Sunday, August 24, 2008
We have 2 plum trees at our place in Healdsburg. My wife, myself, and our friend Jean spent a lot of time thinning the tree back in May in order to keep the branches from being overloaded. I was worried that the branches might break, and reading up on this I found that thinning also produces better fruit. It's true. We produced 100's of very delicious plums for consumption by the local blue jays and racoons. I got to try a few and they were great.
We have moved to a new rental in San Francisco, and it turns out there is a plum tree in the back. I went out to take a look, and a lot of fruit was on the ground but not from varmints, just from the fruit getting overripe and falling off. I quickly gathered up all the plums determined to not lose this crop. This aligns with some recent theory on my part that I want to learn how to feed myself from crops we can produce ourselves and to get local products.
These plums were not nearly as good as the Santa Rosa plums from Healdsburg, and they were not going to have much shelf life. What to do? I decided to teach myself some skills from the good old days and make some Plum Jam. Turns out to be pretty simple, dice the fruit, add pectin (made from apples and makes the jam gelatinous) and sugar, boil, and put in sterilized jars. We acquired the pectin, Organic Carbon Free Sugar (that's what the package said anyway. Probably not local however...), and some Ball Jars. Had to be Ball - my dad used to work for Ball.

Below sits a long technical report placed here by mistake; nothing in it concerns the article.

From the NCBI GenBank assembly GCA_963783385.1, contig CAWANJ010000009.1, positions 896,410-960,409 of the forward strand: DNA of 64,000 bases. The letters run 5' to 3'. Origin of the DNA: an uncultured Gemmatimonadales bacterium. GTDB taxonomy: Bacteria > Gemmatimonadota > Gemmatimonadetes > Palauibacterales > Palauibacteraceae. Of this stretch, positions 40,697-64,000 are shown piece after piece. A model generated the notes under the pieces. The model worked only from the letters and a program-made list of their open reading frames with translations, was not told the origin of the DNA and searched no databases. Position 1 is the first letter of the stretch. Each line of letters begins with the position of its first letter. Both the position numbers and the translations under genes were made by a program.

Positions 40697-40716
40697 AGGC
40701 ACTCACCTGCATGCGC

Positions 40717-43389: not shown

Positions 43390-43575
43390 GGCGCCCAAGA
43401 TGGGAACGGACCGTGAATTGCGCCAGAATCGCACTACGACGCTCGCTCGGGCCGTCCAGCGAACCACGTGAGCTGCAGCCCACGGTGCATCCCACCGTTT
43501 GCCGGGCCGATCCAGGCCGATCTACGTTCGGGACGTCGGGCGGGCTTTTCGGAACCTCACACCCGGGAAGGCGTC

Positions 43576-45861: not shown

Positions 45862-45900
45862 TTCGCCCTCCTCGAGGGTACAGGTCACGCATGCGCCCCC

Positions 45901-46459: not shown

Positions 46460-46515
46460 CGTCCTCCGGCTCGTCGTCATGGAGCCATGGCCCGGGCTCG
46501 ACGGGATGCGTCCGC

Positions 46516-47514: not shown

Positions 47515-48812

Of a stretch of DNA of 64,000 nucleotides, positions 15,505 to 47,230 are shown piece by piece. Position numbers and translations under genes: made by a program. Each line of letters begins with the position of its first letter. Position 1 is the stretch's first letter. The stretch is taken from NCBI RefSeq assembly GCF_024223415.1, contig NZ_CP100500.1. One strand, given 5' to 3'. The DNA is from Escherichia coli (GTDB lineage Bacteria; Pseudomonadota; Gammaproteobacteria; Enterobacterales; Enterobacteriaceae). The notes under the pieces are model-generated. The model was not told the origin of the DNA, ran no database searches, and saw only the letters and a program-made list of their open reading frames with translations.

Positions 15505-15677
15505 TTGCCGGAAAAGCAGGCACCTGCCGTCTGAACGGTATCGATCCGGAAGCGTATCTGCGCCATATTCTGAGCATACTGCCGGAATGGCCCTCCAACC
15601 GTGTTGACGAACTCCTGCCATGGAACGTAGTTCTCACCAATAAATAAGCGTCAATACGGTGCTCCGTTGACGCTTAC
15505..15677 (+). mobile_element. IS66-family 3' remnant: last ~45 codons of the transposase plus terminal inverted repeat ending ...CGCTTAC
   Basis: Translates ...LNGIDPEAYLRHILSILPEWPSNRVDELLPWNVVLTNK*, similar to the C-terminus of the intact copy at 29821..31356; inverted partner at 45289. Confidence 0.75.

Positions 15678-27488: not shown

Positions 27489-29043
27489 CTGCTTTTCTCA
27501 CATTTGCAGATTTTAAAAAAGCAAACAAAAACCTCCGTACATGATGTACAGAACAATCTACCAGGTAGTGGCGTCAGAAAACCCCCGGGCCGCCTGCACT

My dad also used to have a lot of very prolific fruit trees. My mother filled a lot of Ball Jars with said fruit, so this had a very nostalgic impact on me. Not too much work, but we only ended up with 5 jars of plum jam, probably saving zero (negative) dollars but reducing the waste of throwing out the plums. And we'll get some goodwill from giving out a few precious jars.
Posted by murphstahoe at 12:11 PM